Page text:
It takes three generations to build wealth, according to Pamela Jolly, CEO of Torch Enterprises Inc.
Three generations ago — in the 1940s and ’30s — black Americans were restricted from engaging in most of the business world due to Jim Crow segregation.
Minorities have a much harder time because they don’t often have the generational wealth needed to keep a business afloat, according to Asynaka Lyon, owner of Haven Business Services.
Through Haven Business Services, Lyon strives to not only hire minorities but also direct Haven’s services toward black-owned businesses struggling with the process of setting up a company.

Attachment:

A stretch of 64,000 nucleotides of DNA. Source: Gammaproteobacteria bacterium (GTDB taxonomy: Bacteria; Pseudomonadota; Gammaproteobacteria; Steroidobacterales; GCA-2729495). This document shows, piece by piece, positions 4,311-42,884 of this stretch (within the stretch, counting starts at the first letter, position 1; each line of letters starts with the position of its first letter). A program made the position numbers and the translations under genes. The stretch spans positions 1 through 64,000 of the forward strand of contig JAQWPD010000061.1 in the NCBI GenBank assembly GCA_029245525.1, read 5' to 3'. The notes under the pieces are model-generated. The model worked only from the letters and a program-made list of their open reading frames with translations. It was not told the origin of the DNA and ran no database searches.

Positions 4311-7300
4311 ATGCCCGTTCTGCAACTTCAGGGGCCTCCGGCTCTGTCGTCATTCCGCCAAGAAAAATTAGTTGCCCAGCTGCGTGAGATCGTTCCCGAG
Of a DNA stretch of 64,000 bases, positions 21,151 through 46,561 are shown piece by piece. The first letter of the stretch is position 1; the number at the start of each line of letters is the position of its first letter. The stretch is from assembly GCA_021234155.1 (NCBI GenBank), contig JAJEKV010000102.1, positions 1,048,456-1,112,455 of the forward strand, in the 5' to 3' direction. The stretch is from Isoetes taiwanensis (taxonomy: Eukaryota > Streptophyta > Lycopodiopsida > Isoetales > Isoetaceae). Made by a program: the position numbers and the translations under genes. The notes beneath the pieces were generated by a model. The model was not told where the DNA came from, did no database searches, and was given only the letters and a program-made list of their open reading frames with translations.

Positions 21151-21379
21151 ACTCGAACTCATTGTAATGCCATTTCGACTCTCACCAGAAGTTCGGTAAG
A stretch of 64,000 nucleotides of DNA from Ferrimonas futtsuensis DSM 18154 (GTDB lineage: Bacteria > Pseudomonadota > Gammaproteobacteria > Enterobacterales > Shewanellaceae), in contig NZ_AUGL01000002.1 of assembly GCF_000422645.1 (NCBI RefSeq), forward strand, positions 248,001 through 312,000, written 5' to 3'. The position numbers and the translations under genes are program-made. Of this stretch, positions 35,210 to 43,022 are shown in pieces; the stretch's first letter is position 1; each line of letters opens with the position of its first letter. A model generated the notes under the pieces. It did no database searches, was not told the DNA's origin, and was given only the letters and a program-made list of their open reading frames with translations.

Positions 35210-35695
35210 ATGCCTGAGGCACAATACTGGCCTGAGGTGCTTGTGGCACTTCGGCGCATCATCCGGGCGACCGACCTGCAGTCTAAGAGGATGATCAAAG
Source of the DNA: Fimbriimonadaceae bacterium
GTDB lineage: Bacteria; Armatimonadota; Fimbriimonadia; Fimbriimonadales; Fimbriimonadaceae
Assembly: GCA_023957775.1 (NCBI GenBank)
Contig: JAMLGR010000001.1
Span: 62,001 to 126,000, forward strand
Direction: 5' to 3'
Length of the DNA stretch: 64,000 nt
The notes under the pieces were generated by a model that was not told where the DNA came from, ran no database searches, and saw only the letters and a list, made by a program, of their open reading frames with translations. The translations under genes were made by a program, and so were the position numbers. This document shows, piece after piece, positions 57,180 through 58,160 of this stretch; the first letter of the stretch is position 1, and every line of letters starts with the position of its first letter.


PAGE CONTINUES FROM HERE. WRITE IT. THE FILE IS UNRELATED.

Broderick Flanigan, creative director of Enlightened Media Productions, said black entrepreneurs face more obstacles in the administrative steps needed to start a business.
“Already, minority or black-owned businesses are starting off with less startup capital,” Flanigan said.
According to a 2018 FastCompany article, black millennials are finally in the position to begin accumulating generational wealth, which is possible through business ownership. However, this leaves today’s potential entrepreneurs at a disadvantage, as they are just starting to build the wealth that other communities inherited.
“I don’t know many black people who can walk into a bank, sit down and fill out the loan application and get the stamp of approval,” Flanigan said. “I just don’t know that many black people that can do that.”
Although the growth of minority-owned businesses, has improved in recent years, Athens businesses like Haven Business Services are in part born out of the need to “see more minority business in the Athens-Clarke County area,” according to its Facebook page.